But the Koran-in-toilet tale isn’t the only septic anti-Muslim behavior seen by U.S. personnel
Newsweek‘s little item earlier this month about U.S. soldiers’ supposedly throwing a prisoner’s Koran into a GITMO toilet just went down the drain. But the Pentagon’s self-righteous protests can also be eliminated.
And the fact is that there have been other abuses reported not just by detainees about U.S. soldiers’ anti-Islam behavior—like wrapping a Muslim detainee in an Israeli flag, which I wrote about last December.
Mark Whitaker, Newsweek‘s editor, explaining why the mag went with the original story, says:
Although other major news organizations had aired charges of Qur’an desecration based only on the testimony of detainees, we believed our story was newsworthy because a U.S. official said government investigators turned up this evidence. So we published the item.
Then it turned out that the anonymous official who told Newsweek the tale started pedaling the other way. That gave the Pentagon an excuse to get all huffy. In this morning’s New York Times, for instance, Katherine Q. Seelye writes:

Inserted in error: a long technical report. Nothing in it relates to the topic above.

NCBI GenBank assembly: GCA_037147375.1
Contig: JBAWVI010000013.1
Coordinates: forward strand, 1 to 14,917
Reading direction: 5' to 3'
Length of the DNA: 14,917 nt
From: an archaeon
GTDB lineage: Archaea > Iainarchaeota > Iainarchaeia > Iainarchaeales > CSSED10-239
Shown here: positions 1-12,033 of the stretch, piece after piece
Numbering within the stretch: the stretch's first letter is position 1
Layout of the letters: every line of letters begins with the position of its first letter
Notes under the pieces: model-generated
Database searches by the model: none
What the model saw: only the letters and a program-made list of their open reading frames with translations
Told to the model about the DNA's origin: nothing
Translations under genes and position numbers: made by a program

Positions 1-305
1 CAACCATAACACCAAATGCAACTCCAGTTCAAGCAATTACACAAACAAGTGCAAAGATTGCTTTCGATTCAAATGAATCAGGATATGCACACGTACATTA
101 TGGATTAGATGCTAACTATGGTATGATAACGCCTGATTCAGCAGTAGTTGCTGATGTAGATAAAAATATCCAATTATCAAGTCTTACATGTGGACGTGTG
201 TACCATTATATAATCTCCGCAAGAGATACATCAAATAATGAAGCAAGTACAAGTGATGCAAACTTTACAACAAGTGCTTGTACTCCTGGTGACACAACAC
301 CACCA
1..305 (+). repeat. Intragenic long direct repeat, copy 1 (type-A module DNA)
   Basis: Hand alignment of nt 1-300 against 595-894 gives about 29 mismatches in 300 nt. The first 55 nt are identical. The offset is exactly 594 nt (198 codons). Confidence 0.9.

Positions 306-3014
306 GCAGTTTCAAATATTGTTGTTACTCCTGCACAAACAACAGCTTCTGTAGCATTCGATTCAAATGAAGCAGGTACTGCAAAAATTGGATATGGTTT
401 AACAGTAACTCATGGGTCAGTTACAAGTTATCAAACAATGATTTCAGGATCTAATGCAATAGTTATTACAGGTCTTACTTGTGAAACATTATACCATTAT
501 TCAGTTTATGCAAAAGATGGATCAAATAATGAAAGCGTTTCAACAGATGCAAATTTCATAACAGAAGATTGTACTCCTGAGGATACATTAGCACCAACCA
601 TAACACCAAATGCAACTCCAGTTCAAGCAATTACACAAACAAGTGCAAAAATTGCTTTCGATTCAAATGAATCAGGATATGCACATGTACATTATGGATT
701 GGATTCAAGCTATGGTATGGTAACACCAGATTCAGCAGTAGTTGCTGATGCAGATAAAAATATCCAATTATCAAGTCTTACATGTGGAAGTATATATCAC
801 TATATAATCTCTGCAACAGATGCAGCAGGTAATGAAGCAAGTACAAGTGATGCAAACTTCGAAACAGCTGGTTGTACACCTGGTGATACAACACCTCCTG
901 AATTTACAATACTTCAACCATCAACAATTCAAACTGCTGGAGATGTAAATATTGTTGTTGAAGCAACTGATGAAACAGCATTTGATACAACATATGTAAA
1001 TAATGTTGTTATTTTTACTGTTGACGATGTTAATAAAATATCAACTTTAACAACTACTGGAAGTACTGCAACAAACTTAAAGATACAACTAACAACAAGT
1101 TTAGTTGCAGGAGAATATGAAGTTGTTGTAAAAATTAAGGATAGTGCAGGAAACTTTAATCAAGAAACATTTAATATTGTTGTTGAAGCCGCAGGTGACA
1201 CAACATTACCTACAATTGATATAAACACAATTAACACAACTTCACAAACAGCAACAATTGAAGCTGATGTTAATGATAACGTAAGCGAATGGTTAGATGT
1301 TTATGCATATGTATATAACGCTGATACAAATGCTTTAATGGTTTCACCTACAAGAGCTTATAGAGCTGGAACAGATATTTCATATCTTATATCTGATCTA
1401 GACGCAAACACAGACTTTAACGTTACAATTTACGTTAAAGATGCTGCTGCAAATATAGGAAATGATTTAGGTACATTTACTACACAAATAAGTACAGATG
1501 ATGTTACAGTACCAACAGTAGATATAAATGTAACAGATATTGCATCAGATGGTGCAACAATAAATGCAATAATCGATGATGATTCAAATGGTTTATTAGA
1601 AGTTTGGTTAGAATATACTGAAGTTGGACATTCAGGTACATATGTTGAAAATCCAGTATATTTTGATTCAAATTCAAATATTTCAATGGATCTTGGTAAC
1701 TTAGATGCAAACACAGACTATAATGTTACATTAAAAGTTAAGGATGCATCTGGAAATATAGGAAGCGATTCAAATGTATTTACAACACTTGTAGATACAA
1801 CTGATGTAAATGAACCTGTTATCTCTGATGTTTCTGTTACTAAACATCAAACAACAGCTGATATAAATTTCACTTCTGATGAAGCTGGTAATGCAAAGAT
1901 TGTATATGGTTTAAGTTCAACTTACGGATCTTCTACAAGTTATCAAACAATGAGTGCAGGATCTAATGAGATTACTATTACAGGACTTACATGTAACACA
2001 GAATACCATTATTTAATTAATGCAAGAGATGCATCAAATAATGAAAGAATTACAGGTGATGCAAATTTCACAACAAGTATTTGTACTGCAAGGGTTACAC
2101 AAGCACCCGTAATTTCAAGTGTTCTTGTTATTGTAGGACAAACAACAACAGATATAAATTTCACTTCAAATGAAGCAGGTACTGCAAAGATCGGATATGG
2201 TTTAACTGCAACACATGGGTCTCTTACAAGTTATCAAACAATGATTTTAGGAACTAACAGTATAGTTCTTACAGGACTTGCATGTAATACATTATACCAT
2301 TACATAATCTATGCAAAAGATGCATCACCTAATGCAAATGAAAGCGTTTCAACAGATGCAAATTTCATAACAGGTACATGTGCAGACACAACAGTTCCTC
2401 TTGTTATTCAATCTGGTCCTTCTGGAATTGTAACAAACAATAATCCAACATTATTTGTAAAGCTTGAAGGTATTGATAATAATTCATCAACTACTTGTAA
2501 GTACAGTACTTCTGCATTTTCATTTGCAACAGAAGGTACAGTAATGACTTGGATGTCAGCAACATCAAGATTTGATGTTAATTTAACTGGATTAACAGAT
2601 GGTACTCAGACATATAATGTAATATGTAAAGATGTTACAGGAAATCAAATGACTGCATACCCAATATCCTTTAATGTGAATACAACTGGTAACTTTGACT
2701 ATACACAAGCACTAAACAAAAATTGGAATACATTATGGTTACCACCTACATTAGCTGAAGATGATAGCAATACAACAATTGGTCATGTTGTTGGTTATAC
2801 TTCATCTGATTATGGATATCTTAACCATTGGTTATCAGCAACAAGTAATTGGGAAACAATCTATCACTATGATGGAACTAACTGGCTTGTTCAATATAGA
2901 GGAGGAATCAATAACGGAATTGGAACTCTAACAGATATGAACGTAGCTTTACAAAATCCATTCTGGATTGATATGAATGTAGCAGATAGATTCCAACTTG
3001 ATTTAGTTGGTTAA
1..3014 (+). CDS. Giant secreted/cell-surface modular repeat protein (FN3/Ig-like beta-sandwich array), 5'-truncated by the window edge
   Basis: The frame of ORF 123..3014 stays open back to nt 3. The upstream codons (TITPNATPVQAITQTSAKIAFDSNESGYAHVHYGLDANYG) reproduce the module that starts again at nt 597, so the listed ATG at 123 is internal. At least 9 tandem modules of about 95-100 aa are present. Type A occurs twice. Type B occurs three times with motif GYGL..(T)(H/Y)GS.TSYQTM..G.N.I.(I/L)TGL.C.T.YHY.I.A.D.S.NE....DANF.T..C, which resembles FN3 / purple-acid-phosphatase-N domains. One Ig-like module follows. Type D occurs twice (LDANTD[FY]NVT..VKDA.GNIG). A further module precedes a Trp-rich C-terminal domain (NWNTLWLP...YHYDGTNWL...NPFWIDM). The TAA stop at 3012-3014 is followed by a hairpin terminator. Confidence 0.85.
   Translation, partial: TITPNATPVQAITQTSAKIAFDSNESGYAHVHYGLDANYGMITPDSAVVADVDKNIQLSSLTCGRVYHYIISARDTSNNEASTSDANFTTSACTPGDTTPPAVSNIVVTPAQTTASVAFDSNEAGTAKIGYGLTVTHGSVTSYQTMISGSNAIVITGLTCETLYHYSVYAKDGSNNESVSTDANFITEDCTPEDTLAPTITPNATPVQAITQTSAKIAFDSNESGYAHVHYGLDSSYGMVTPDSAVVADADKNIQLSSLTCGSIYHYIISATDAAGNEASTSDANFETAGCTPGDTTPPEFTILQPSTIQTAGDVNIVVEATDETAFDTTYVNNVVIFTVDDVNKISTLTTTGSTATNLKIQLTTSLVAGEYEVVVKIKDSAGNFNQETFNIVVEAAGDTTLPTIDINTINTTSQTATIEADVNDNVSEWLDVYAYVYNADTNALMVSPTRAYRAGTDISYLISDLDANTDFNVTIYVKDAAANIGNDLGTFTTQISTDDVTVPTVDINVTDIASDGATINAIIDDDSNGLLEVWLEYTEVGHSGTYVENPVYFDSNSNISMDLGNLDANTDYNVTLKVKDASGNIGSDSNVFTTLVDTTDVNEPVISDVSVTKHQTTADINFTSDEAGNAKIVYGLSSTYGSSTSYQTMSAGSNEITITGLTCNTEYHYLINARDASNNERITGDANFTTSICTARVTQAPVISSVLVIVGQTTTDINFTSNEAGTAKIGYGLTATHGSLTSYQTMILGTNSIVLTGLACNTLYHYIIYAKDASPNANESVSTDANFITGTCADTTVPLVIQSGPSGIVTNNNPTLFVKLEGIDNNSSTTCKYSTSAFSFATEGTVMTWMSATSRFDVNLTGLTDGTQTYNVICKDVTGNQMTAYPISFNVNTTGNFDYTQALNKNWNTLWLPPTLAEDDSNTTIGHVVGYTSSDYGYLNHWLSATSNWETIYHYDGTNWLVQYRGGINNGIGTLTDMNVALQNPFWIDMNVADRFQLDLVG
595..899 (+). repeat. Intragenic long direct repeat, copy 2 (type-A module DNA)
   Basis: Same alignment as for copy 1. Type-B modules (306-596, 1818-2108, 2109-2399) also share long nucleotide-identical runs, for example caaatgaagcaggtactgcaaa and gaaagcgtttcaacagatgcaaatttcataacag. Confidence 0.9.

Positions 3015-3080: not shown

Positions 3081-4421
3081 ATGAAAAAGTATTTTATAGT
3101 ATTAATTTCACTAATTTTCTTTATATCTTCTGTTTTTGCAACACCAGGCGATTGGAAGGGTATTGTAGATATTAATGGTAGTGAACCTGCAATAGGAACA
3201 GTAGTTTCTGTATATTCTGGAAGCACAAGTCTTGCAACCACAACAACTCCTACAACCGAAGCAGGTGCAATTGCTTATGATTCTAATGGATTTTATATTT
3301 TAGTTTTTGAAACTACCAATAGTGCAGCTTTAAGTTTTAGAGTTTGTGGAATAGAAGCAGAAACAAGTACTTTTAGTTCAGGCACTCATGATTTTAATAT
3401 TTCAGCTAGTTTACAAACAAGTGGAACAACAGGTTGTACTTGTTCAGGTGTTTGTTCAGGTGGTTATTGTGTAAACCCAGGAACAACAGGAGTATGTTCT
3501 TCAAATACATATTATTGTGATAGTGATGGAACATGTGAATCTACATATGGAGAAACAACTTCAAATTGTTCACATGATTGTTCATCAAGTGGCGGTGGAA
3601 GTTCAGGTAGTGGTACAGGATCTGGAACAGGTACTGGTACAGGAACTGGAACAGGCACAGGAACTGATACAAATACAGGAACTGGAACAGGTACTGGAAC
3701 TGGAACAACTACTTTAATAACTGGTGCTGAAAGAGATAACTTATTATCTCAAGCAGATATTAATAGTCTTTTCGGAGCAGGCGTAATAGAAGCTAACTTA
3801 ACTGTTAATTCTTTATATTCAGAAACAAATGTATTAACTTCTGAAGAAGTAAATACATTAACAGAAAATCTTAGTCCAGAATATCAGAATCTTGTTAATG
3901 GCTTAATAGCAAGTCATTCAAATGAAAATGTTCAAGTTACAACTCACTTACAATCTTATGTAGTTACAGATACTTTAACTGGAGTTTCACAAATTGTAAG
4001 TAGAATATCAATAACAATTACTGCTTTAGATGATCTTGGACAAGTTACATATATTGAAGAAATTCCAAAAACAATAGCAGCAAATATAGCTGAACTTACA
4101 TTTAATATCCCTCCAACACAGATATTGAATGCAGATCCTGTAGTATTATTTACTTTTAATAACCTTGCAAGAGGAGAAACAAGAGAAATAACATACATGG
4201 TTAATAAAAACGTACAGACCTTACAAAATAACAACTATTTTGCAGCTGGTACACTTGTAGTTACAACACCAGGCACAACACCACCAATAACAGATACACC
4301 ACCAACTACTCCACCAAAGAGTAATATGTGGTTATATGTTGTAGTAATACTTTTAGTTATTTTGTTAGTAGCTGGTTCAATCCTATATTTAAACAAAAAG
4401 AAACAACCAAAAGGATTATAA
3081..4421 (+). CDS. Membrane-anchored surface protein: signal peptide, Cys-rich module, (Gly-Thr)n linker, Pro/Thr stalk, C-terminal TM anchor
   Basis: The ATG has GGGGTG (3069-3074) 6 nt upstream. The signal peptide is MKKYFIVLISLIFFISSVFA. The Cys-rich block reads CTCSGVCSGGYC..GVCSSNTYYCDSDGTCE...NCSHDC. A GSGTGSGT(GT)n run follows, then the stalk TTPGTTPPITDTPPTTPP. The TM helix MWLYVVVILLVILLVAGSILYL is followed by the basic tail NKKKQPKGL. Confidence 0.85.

Pentagon officials said that no such information was included in the internal report and responded to Newsweek‘s apology with unusual anger.
In a statement, Bryan Whitman, a Pentagon spokesman, said: “Newsweek hid behind anonymous sources, which by their own admission do not withstand scrutiny. Unfortunately, they cannot retract the damage they have done to this nation or those that were viciously attacked by those false allegations.”
The original account, he said, was “demonstrably false” and “was irresponsible and had significant consequences that reverberated throughout Muslim communities around the world.”
Now the Pentagon’s civilian officials, who constantly wrap themselves in the U.S. flag during this Crusades epoch, are talking about “consequences”?
Let’s talk about another flag-wrapping drill carried out by the Pentagon: Take a Muslim prisoner, wrap him in an Israeli flag (no religious overtones there, right?), and blast him with rock music and strobe lights.
Read it for yourself at the ACLU’s Torture FOIA page—an FBI agent filed this report last summer:
Following a detainee interview exact date unknown, while leaving the interview building at Camp Delta at approximately 8:30 p.m. or later, I heard and observed in the hallway loud music and flashes of light. … From the monitoring room, I looked inside the adjacent interview room. At that time I saw another detainee sitting on the floor of the interview room with an Israeli flag draped around him, loud music being played, and a strobe light flashing. … I understood prior to deployment to [GITMO] that such techniques were not allowed, nor approved by FBI policy. …
At least not until somebody at GITMO got their hands on a disco version of “Hava Nagila.”